With Paris still reeling from this month's deadly attacks, anger is turning towards Muslims in the US
A photo and a Facebook message sent to someone in New Jersey led the authorities in Fort Bend, Texas to arrest a man, Clayton Cansler, for threatening to shoot up a mosque.
"He did say that he sent it and he sent it because he had a close friend of his die in the 9/11 attacks and with the recent terrorist attacks in Paris, he felt this was something he wanted to do," said Ms Caitlin Espinosa from the Fort Bend County Sheriff's Office.
It was too late for this mosque in Meriden, Connecticut.
Police say hours after the Paris attacks, someone opened fire on the Baitul Aman Mosque.
No one was injured. Now the mosque is using what happened to educate others about Islam.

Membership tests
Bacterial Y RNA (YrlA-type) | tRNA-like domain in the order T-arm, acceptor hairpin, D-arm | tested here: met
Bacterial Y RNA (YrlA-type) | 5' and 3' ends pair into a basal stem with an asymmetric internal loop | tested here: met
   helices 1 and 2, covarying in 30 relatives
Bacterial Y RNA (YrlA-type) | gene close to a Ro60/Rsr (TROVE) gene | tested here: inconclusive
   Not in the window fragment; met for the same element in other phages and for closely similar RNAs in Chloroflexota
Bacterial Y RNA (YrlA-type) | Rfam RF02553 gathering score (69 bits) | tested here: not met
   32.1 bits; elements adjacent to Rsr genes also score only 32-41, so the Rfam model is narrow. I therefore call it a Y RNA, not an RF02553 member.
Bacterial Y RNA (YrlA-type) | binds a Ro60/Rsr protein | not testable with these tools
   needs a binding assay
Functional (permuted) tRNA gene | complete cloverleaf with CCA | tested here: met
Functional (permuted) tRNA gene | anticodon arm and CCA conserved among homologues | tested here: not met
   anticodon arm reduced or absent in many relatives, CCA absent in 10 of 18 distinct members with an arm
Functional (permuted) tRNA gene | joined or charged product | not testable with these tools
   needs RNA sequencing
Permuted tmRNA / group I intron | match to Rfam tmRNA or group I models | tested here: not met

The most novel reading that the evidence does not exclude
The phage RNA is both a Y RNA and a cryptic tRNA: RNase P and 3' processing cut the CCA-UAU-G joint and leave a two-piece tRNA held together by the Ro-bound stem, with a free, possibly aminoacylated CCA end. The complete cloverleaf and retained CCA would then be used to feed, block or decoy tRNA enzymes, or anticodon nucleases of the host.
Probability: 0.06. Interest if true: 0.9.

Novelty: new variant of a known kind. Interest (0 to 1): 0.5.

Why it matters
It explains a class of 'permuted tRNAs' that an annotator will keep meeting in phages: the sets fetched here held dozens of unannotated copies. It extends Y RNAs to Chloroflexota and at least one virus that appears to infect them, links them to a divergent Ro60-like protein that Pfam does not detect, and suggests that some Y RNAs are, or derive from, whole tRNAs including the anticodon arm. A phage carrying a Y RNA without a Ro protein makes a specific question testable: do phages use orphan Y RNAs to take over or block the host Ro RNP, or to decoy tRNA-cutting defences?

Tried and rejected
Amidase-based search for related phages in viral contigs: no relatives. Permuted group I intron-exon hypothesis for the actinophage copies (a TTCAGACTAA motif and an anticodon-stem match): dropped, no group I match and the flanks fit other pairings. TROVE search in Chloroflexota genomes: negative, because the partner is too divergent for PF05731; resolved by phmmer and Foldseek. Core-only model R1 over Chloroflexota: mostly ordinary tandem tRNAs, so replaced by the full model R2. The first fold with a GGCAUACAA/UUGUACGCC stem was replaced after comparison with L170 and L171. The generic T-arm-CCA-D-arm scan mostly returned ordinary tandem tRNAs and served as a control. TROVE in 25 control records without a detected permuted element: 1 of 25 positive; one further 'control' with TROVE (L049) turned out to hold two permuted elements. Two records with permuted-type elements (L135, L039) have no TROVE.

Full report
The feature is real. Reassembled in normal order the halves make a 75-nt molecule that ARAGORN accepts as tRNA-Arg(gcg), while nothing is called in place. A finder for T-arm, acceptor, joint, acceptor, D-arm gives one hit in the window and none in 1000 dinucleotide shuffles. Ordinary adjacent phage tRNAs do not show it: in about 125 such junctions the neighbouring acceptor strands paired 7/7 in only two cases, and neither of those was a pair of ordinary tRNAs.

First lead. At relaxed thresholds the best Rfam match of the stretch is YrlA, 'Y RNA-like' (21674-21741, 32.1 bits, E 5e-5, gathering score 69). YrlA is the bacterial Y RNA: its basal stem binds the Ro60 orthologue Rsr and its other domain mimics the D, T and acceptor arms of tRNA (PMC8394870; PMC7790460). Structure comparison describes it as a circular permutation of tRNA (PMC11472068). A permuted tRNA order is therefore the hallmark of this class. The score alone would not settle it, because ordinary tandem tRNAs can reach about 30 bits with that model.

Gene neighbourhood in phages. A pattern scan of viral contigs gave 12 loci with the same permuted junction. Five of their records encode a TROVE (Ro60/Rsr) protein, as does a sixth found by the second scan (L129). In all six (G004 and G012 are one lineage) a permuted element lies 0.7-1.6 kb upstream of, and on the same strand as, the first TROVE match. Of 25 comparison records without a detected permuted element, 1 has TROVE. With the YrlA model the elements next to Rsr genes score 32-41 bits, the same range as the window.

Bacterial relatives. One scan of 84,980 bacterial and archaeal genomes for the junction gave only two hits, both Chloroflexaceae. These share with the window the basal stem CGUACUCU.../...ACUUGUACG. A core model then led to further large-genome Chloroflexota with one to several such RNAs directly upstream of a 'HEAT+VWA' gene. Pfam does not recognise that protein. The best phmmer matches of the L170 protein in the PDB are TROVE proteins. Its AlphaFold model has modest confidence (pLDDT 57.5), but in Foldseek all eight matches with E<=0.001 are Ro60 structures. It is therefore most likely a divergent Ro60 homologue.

"It's not going to make us scared. It's going to in fact make us open the doors more," said Mr Salaam Bhatti, spokesman of the Baitul Aman Mosque. "We are going to engage the community more."
"So, they hit right here. This is where it came through."
In Orlando, Florida, Mr Amir Elmasri says he found a bullet hole lodged in his bedroom dresser.
"I don't want this to be our way of life, which is after this incident, let's live in fear," said Mr Elmasri, a resident.
The Sheriff's Office is looking into the possibility of a hate crime, but has yet to find evidence - just the bullet hole inside and several more outside - as concerns among Muslims in the US grow.